Top 10 Sub-£2,000 track bikes

Get track fast for minimum brass. These machines all have what it takes to get right on the pace

Posted: 7 May 2010
by Visordown

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Most track bikes started life as road bikes. If you’re looking for a bike purely for track use, there’s no shortage of machines which have already been converted. Some are race bikes which may have had hard lives but come with some top extras like quality suspension and useful tuning.

If you’d like the option to use a bike on the road it’s best to get an original, road legal bike. Making a track only bike road legal once it’s missing loads of parts like lights and clocks can take ages and cost loads.

Few people take a good, clean, useable road bike and convert it into a track bike. It’s far more likely they’ll use a damaged machine as the starting point so check for damage and do a data check (see opposite). A daylight only MOT is another  useful option. Track bikes are almost always worth less than road bikes of equivalent age and condition. Prices above are for road going bikes in good, standard condition. Always consider consumables. They’re significant on any bike but extra relevant on a track bike. Brake discs, chains and sprockets need to be good or better because you’ll be giving them a hard time. Decent tyres are a must too but bear in mind if you buy a bike with old or touring rubber you will want to replace them.

Write offs and rip offs

Quite a few track bikes are insurance write-offs. This means they’ve been in an accident (or theft) and were deemed not economic to repair afterwards. Some may make good track bikes, others should be avoided at all costs. Recorded write-offs are grouped into several categories.

  • Category A bikes should be crushed and never used again.
  • Cat B machines shouldn’t be ridden but can be broken for non-structural parts. 
  • Cat C bikes may have suffered some structural damage (which can include a cosmetic mark on a frame) but can be ridden on the road. 
  • Cat D bikes typically only suffered cosmetic damage and can be ridden on the road too. Unlike cars, written off bikes do not require a VIC check before being road legal again.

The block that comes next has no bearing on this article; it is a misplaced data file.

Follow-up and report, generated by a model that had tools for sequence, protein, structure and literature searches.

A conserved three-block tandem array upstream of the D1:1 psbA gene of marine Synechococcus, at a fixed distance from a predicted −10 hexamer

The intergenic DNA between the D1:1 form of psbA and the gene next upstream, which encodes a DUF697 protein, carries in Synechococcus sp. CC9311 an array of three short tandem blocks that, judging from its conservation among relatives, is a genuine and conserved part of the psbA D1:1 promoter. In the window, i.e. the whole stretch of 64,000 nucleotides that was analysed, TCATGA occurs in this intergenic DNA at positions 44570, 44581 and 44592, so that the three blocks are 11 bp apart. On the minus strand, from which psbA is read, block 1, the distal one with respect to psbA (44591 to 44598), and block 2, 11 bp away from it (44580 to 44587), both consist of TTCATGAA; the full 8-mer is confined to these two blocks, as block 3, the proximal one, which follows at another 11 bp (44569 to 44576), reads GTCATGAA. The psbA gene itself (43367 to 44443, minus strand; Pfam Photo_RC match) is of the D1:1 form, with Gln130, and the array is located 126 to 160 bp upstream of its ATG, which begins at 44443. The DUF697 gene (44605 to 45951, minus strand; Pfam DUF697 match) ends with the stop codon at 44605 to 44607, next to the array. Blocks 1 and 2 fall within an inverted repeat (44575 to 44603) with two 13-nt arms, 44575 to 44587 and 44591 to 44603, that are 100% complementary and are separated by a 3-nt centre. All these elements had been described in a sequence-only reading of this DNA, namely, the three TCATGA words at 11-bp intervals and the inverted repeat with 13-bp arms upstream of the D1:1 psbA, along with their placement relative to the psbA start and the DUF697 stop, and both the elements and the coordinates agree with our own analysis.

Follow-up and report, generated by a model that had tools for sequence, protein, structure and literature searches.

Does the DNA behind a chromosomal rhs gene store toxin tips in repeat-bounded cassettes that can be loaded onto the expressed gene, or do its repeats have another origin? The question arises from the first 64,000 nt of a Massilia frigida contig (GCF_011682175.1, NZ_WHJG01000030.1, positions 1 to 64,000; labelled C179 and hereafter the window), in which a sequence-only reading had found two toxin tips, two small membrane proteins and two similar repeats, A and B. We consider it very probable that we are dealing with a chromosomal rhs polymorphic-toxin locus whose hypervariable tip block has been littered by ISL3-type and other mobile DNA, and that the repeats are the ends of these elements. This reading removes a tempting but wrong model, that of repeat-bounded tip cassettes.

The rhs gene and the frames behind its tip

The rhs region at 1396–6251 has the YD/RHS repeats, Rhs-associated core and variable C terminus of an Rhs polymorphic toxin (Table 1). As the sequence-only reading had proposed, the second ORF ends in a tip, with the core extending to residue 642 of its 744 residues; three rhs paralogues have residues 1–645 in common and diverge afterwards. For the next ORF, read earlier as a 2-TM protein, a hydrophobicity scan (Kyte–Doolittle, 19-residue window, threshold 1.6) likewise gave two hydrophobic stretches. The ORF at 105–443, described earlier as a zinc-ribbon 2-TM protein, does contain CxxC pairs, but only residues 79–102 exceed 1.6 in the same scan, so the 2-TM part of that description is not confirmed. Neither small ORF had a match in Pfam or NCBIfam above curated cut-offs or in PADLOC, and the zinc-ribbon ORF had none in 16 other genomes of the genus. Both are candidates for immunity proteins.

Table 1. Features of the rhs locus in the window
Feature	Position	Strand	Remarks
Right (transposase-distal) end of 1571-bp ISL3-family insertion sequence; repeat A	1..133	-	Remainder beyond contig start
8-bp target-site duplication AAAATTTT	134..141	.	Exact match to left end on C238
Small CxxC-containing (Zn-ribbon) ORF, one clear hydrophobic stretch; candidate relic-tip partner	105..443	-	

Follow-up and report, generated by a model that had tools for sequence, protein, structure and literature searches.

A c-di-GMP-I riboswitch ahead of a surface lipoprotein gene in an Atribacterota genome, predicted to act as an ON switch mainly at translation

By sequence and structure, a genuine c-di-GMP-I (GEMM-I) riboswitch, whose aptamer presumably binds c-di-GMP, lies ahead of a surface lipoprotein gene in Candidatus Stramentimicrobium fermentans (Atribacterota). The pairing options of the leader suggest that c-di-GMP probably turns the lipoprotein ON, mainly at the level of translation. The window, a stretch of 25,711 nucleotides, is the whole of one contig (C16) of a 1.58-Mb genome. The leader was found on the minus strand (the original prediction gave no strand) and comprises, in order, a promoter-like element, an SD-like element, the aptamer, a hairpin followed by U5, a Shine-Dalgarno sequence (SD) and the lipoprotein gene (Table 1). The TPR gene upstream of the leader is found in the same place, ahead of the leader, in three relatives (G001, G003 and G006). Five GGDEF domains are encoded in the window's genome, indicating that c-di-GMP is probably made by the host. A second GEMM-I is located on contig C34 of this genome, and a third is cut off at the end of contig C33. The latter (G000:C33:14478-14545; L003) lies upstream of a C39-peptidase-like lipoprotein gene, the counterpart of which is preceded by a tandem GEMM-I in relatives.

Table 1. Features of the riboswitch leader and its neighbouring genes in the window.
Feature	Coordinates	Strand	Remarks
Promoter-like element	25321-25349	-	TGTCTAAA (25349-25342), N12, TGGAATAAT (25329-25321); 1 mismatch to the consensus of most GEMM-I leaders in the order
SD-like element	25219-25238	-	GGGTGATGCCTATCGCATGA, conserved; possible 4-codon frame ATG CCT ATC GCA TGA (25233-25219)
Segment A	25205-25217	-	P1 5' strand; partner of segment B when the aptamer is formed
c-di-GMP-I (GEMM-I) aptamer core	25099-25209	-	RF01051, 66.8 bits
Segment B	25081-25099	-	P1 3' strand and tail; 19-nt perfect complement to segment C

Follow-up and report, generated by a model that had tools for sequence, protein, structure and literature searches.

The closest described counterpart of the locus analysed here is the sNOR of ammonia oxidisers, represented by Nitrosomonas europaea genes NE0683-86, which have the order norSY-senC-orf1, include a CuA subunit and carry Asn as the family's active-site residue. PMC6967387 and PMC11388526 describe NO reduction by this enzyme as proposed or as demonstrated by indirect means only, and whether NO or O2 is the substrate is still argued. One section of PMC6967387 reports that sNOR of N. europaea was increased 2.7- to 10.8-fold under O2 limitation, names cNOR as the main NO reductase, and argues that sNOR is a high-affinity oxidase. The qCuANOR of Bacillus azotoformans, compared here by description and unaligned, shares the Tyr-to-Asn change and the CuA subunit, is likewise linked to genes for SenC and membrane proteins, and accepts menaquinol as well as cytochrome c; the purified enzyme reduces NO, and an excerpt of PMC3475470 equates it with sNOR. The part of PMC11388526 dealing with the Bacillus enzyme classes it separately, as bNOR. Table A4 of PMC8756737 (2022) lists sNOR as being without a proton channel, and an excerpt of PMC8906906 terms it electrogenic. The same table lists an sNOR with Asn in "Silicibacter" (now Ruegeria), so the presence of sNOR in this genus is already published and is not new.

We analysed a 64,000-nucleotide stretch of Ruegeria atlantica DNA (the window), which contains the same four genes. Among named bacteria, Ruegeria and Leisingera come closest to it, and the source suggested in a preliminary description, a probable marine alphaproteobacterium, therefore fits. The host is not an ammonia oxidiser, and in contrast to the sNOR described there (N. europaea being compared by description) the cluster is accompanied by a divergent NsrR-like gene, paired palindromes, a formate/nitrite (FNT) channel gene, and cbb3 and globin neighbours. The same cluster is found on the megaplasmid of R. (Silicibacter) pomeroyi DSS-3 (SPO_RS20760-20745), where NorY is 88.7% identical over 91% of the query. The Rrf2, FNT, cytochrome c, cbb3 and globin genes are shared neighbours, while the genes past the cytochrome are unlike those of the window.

We’ve heard of quite a few Cat B machines ‘escaping’ from breakers and being used as track bikes with no paperwork. Obviously we’d avoid any Cat A or B bike. Cs and Ds may be good buys but the fact they’re recorded write-offs reduces their value by 10-25% even if they’ve been fully repaired to as new condition. We’d advise doing a data check. MyCarCheck.com do them for £3.95 online or £3 to a mobile phone (text CTC[space][reg number] to 83600). Always check frame and engine numbers!

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Discuss this story

Wow some really poor choices and duff information in this article.

Most track bikes have upgraded suspension, brakes, engine, exhaust and subframes so to say they are cheaper than roadbikes is not strictly true. They also usually come with Wets on Wheels which adds more to the price.

As for the bikes chosen Ducati 900SS?? never been seen on any trackday I have been on so it cant be that good as more would use them. For twins SV650's and SV1000's and even a Ducatic 748 can scrape under the £2K budget. NC30 good for the road but the ZXR400L is a better track weapon. TT600 again very rare to see on a track when you can get a ZX6R G/J for cheaper money which is just as good.

The best track bikes are usually supported by a race series which means parts are available for upgrades even though they stopped building the bikes years ago.


Posted: 08/07/2010 at 15:42

NC29 is good but obviously the NC30 is more popular as people like it on the road.

Posted: 27/01/2013 at 22:19

Not even one two-stroke machine :(

Posted: 05/08/2014 at 17:55

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